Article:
Oh, the dinners we will have!
When the kids flew the nest, I eagerly anticipated all the new recipes I would cook. No longer would my weekly routine consist of a rotation of pasta, pizza, tacos, and chicken, chicken, chicken. We would have seafood! And things like . . .wait for it… ancient grains . . . and vegetables in every color of the rainbow. I could use all those fancy culinary gadgets I purchased over the years. Can you hear the French bistro music playing in the background?
At this point, I probably don’t have to tell you that isn’t what happened.
To give a little credit to those now-flown-away children and the man I married, they sometimes would try my ratatouille or eggplant parmesan, but more often than not, I had a pot full of the stuff that lasted me for a week of take-to-work lunches. My encouragement to try it, you might like it—sometimes referred to as “forced feeding” by the aforementioned group—was not met with bounding optimism. At times I even caught them ordering takeout pizza—after dinner. The nerve!
One particular, and supposedly romantic, evening sticks out in my memories of dinners gone awry. I had planned a dinner and movie night of Julie & Julia, and to round out the evening I was going to cook a recipe from Julia Child’s famous cookbook. And it wasn’t going to be just any old recipe, I was going for the crown jewel of French cuisine—Beef Bourguignon.
I was so impressed with myself and my obvious skills as a chef that I completely forgot to turn the oven on! I should have realized no delicious aroma was wafting its way from the kitchen. Wasn’t I supposed to stir or baste? Beef Bourguignon is one of those slow-cook recipes after all, but somehow, I bet you already knew that. So at the appropriate time—I did remember to set the timer—I opened the oven to find raw meat. Not ready to admit my failure, my “date” wouldn’t be arriving for another thirty minutes after all, I raced to the microwave. If I set it to high it could cook in time, right? WRONG! The gelatinous goo that I attempted to serve with a smile on my face wouldn’t have been enjoyed by starving children anywhere on the planet. It didn’t even resemble the picture in the book. The dinner I created, and served with quinoa—yes, you can see I’m quite sophisticated—looked more like a pile of brown Flubber crouching on top of a mountain of bird seed.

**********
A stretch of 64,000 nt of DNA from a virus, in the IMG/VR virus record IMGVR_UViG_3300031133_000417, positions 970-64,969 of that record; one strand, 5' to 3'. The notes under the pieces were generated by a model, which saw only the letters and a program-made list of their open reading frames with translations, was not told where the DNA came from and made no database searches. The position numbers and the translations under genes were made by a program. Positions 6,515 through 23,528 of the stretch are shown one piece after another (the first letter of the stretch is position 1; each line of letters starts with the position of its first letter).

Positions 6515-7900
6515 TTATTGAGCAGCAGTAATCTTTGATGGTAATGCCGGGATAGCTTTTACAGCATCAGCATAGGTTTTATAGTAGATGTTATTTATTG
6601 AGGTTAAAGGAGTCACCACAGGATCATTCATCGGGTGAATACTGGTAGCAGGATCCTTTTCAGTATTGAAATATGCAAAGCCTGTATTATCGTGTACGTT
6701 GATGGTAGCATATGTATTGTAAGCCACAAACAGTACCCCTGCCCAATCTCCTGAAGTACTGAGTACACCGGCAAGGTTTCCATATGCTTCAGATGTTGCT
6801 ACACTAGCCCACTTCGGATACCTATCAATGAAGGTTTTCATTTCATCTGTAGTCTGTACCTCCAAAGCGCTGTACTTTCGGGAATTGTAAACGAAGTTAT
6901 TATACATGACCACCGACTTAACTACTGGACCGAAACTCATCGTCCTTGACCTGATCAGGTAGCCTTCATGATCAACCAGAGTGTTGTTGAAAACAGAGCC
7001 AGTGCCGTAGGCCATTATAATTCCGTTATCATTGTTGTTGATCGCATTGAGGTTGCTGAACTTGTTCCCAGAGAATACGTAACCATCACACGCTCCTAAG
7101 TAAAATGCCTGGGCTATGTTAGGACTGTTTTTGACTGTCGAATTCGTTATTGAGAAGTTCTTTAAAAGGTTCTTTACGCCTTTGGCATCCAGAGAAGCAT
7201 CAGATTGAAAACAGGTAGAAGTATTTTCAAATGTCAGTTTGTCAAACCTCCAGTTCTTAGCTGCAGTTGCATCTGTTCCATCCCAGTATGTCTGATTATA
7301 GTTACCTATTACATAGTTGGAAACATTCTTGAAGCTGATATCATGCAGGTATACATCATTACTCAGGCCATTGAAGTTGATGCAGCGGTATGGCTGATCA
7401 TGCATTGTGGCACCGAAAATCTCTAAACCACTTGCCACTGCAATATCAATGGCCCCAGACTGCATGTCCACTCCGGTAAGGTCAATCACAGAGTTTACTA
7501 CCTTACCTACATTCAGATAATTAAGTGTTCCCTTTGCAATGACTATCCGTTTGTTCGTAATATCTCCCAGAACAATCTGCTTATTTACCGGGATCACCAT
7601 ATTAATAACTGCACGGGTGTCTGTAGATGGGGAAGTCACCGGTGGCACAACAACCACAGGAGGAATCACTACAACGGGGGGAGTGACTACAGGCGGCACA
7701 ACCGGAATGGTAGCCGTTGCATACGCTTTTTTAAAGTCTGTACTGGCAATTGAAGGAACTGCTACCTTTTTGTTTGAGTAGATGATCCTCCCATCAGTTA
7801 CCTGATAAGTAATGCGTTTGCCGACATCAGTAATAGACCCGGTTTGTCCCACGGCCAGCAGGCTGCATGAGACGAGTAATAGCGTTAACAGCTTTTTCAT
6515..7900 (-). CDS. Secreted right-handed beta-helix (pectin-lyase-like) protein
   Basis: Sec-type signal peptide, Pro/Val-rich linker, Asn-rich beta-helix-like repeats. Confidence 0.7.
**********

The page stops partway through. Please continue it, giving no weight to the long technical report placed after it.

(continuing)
This is a time where the lessons learned through twenty years of marriage become apparent. My husband, to his credit, did try it . . . even though it was a very small bit that I later found hiding in the folds of his linen napkin. He played his part well, smiling and nodding and moving the glop around the plate. In hindsight, I know why he was so eager to start the movie. Fortunately for us both, we lived to tell the tale.
I still try new recipes, and have perfected some of them. On good days, my meals are met with, “It’s a clapper!” When I hear “good try or “it’s not too bad,” I mark the cookbook with a big red X. I may not get through the entire Mastering the Art of French Cooking like Julie did (after all, there are two volumes), but I’m having fun trying.
It has given us something new to talk about and the only rule from my handsome date is, “No eggplant, please.”
I once served green plantains to dinner guests! didnt know they should be ripe before you cook them - I know now!
These stories are awesome